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, as well as investors across the country called on the US Securities and Exchange Commission (SEC) to implement a landmark law that will lift the veil of secrecy on billions of dollars that flow every year from oil and mining companies to governments around the world.
One year ago, Congress passed the Cardin-Lugar provision of the Dodd-Frank Wall Street Reform and Consumer Protection Act, requiring oil, gas and mining companies registered with the SEC to disclose the payments they make to host governments for oil, gas or minerals. Oxfam America and the Publish What You Pay coalition commended the SEC for drafting a regulation in December that followed Congressional intent, but the regulatory agency has yet to issue final rules required to bring the legislation to life.
“The oil, gas and mining industry have had plenty of time to comment on the draft,” said Isabel Munilla, director of Publish What You Pay US. “Many industry suggestions to the SEC would effectively gut implementation. The SEC must not give in to the wishes of companies that don’t want to follow the new law.”
The provision, backed by a bipartisan group including Senators Richard Lugar (R-IN) and Ben Cardin (D-MD), among others, will cover 90 percent of the largest internationally operating oil and gas companies, including a broad range of US, European, Chinese, Brazilian and other companies, as well as eight out of 10 of the world’s largest mining companies.
“From rural villagers in Africa to investors on Wall Street, this groundbreaking law casts the transparency net far and wide, arming the public with information it can use to track the amount of money governments receive from oil and mining companies,” said Ian Gary, policy manager of Oxfam America’s oil, gas and mining program. “The longer the SEC waits to act, the likelier countries such as Ghana, Africa’s newest oil producer, will be at risk of falling victim to the resource curse.”
By requiring companies registered with the SEC to disclose and publicize the payments online, citizens in resource-rich countries and civil society groups can use the information to help hold governments accountable for how the funds are used.
“Too often, oil and mineral riches have led to corruption, violence and wars, affecting people on both sides of the pipeline,” said Mohammed Amin Adam, convener of the Ghana Civil Society Platform on Oil and Gas who is visiting Washington to urge implementation of the law. “In Ghana, this new law will close the gaps in our system, preventing corrupt government officials from squandering oil and mineral wealth instead of investing in health, education and agriculture.”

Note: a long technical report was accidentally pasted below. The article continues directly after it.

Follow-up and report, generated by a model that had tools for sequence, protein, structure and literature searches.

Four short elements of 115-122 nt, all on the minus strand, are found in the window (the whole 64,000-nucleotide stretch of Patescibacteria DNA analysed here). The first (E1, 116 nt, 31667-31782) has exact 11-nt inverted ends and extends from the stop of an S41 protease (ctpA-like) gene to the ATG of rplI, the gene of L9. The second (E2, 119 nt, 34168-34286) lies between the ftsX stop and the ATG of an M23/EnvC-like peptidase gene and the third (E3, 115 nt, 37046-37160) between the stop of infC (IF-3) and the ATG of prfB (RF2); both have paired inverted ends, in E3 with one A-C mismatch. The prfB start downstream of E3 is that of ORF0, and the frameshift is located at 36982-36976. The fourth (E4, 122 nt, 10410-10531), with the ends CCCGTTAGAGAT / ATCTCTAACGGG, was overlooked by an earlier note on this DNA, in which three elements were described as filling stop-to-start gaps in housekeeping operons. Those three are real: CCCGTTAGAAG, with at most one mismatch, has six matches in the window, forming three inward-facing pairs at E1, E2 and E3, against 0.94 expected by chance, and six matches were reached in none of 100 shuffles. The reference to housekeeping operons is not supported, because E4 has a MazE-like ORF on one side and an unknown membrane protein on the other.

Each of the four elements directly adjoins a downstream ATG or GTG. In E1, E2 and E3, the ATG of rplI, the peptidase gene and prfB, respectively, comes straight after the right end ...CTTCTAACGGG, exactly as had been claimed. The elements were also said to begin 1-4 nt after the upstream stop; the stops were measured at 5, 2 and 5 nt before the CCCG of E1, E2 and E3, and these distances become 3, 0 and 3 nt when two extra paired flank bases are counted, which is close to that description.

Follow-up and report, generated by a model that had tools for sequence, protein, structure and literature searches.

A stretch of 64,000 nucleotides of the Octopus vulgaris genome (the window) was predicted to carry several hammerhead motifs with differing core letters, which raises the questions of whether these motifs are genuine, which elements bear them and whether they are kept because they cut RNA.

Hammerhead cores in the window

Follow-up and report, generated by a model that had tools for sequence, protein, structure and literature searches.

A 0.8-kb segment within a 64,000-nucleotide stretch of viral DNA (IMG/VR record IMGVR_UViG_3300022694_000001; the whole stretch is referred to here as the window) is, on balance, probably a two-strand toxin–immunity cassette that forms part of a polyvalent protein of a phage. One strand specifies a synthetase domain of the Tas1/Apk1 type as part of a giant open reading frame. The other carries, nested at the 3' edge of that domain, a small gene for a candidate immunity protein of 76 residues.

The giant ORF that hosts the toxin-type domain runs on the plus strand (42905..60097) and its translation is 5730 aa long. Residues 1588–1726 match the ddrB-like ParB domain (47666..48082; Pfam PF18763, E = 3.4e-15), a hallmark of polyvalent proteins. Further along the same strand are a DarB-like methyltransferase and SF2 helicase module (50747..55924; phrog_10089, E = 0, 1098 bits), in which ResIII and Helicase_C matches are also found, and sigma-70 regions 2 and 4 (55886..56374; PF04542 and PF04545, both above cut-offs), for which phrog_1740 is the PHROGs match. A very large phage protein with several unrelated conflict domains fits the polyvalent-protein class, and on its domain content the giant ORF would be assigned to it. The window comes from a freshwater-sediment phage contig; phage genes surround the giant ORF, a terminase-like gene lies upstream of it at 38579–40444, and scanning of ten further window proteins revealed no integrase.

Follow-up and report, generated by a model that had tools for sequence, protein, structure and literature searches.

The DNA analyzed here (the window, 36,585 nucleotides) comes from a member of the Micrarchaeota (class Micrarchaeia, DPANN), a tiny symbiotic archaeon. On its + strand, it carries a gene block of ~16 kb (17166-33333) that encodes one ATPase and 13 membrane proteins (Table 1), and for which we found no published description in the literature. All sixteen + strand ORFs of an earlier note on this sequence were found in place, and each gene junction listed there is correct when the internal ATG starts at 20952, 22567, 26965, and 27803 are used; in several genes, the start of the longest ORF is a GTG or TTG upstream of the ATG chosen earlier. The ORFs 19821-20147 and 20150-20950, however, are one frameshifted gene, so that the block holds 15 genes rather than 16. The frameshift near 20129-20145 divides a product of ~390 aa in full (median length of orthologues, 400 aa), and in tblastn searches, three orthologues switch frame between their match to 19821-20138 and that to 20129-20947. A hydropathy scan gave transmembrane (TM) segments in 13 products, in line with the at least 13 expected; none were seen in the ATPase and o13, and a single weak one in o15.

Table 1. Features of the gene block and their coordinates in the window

Furthermore, investors will have better information to assess high-risk investments, companies will benefit from better relations with local communities next door to their multi-billion dollar investments, and consumers won’t feel the pinch at the gas pump if countries supplying oil are more stable.
“Project-level reporting is precisely the kind of potentially material information investors want to see,” said Bennett Freeman, senior vice president for Sustainability Research and Policy at Calvert Investments. “The need for such information that we can use to evaluate oil/gas and mining companies is why Calvert and other investors wrote to the SEC in support of a strong set of rules to implement this law. Together our firms represent over $1.2 trillion of assets under management and make clear that investors look forward to strong final rules by the SEC.”
Despite the evidence, the American Petroleum Institute, Chevron, Exxon, Shell and other companies argue that disclosure of such information puts companies at a competitive disadvantage. In fact, some companies such as Talisman Energy, Statoil, AngloGold Ashanti and Newmont Mining, already disclose payments in every country of operation and in some cases provide this information at a project level.
“If it truly hurt their bottom line, they simply wouldn’t be doing it,” added Freeman.
When the SEC follows the law and Congressional intent, the rule will become a new global standard for mandatory disclosure of payment information. The move would also complement and strengthen the Extractive Industries Transparency Initiative (EITI) – a voluntary international disclosure scheme followed by some countries.
“For years, we have been asking the EITI program in Azerbaijan to adopt the type of payment reporting that is required by the new US law, but participating companies have prevented this from happening,” said Ingilab Ahmadov, Director of the Eurasia Extractive Industries Knowledge Hub in Azerbaijan. “Our national program is stagnant. The SEC has an opportunity to energize programs such as ours, with final rules that will help countries suffering from the so-called resource curse, help themselves.”
Movement for transparency in the oil and mining sector has been growing globally. The G8 recently endorsed mandatory disclosure laws and José Manuel Barroso, president of the European Commission, has committed to advancing legislation in Europe, with a proposal tabled by October.
“The passage of the US law has kicked off a race to the top,” said Corinna Gilfillan, head of the US office of Global Witness, which is lobbying in Europe for the adoption of similar laws. “Other markets are moving very quickly to consider transparency legislation, and with all eyes on the SEC, it is crucial for the final rules to be released as soon as possible.”